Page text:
October 4, 2005

Indian doctors hopeful of separating conjoined twins

NEW DELHI (Reuters) - Doctors who conducted a series of
tests on 10-year-old conjoined Indian twins said on Tuesday
they believed it was possible to surgically separate the girls
who were born fused at the head.

Saba and Farah Shakeel, a roadside food stall owner's
daughters, have been through a battery of tests at Apollo
Hospital in the capital.

Doctors say the separation surgery will be complicated
because the girls share a major blood drainage vessel in the
brain. Another big challenge is that only one girl has both
kidneys, while the other has none.

"We believe we can separate Saba and Farah with a certain
degree of confidence and we believe that separation is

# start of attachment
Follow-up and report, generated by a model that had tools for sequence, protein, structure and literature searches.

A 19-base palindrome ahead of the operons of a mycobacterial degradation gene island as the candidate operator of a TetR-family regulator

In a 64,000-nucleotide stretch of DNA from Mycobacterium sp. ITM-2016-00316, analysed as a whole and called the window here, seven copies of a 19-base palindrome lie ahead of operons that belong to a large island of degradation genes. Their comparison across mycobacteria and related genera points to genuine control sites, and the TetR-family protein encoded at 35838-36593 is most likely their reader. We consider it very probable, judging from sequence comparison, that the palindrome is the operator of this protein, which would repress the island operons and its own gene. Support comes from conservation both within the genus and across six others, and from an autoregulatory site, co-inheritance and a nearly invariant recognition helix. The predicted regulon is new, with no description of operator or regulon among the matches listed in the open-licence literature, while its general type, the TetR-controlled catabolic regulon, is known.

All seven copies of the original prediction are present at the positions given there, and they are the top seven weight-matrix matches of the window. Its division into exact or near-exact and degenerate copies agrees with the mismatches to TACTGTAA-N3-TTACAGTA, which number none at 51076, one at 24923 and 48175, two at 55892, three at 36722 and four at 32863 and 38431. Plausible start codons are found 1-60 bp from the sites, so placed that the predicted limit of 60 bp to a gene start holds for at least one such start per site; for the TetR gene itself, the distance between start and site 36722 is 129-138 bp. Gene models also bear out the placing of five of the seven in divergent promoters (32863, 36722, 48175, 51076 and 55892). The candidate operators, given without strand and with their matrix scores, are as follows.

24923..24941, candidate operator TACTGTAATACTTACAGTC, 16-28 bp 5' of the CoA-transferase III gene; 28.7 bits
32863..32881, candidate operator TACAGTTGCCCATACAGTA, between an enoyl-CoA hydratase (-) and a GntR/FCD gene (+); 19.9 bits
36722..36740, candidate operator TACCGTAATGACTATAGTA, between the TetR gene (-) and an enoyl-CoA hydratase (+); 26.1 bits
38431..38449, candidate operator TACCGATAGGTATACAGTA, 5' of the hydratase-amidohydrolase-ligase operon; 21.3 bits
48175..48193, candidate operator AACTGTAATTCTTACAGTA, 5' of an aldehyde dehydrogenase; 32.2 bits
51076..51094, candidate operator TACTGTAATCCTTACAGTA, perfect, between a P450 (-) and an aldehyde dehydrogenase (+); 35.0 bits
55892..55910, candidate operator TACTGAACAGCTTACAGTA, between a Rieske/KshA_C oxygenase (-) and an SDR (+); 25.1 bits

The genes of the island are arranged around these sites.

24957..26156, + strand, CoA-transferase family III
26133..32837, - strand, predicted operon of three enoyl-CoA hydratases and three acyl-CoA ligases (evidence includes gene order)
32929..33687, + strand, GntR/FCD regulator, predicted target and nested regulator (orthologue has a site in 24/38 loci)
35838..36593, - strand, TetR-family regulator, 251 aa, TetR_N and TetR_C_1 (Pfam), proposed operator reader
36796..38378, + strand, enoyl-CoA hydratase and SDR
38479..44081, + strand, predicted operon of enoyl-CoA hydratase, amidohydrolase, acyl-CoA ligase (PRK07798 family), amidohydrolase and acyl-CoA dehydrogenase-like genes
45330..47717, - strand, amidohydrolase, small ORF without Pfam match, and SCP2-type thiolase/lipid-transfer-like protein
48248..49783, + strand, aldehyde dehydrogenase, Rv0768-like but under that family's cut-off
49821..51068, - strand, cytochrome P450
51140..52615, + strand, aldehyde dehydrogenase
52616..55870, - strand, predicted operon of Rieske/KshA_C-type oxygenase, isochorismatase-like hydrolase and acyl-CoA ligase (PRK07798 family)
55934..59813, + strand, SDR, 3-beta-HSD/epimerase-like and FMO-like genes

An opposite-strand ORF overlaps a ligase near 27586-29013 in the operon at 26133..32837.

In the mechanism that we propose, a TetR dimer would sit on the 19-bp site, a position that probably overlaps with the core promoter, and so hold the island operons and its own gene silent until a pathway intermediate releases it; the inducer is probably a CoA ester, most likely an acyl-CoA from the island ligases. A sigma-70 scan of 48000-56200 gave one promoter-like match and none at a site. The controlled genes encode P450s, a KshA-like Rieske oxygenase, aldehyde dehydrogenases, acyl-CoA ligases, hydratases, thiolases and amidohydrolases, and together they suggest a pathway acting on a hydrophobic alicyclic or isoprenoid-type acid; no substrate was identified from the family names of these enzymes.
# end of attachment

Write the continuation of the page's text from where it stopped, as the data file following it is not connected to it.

possible," Anupam Sibal, a paediatrician at Apollo, told

"We have the expertise to pull this off and do that with a
reasonable degree of success."

No date has been fixed for the surgery because the family
is yet to give consent.

The surgery will be a complex five-step process beginning
with the creation of a virtual 3-D image of the twins and
ending with a kidney transplant from one girl to the other,
doctors said.

Benjamin Carson, director of paediatric neurosurgery at
Johns Hopkins in the United States, will lead a team of about
60 doctors from both countries.

"These types of operations are extraordinarily complex and
there is a lot of planning that goes into them. We have come up
with some preliminary thoughts about what should be done and
there will be more studies that would be carried out," Carson

"All that we have said is subject to change because we
still have more due diligence to do. We are not rushing into
anything here at all and we want to make sure we take advantage
of every piece of knowledge that is available."

Conjoined twins occur roughly once in every 50,000 births
and few are born alive or live long. For twins who undergo
surgery, one or both often die after the operation and the rate
of survival beyond the age of two is just 20 percent.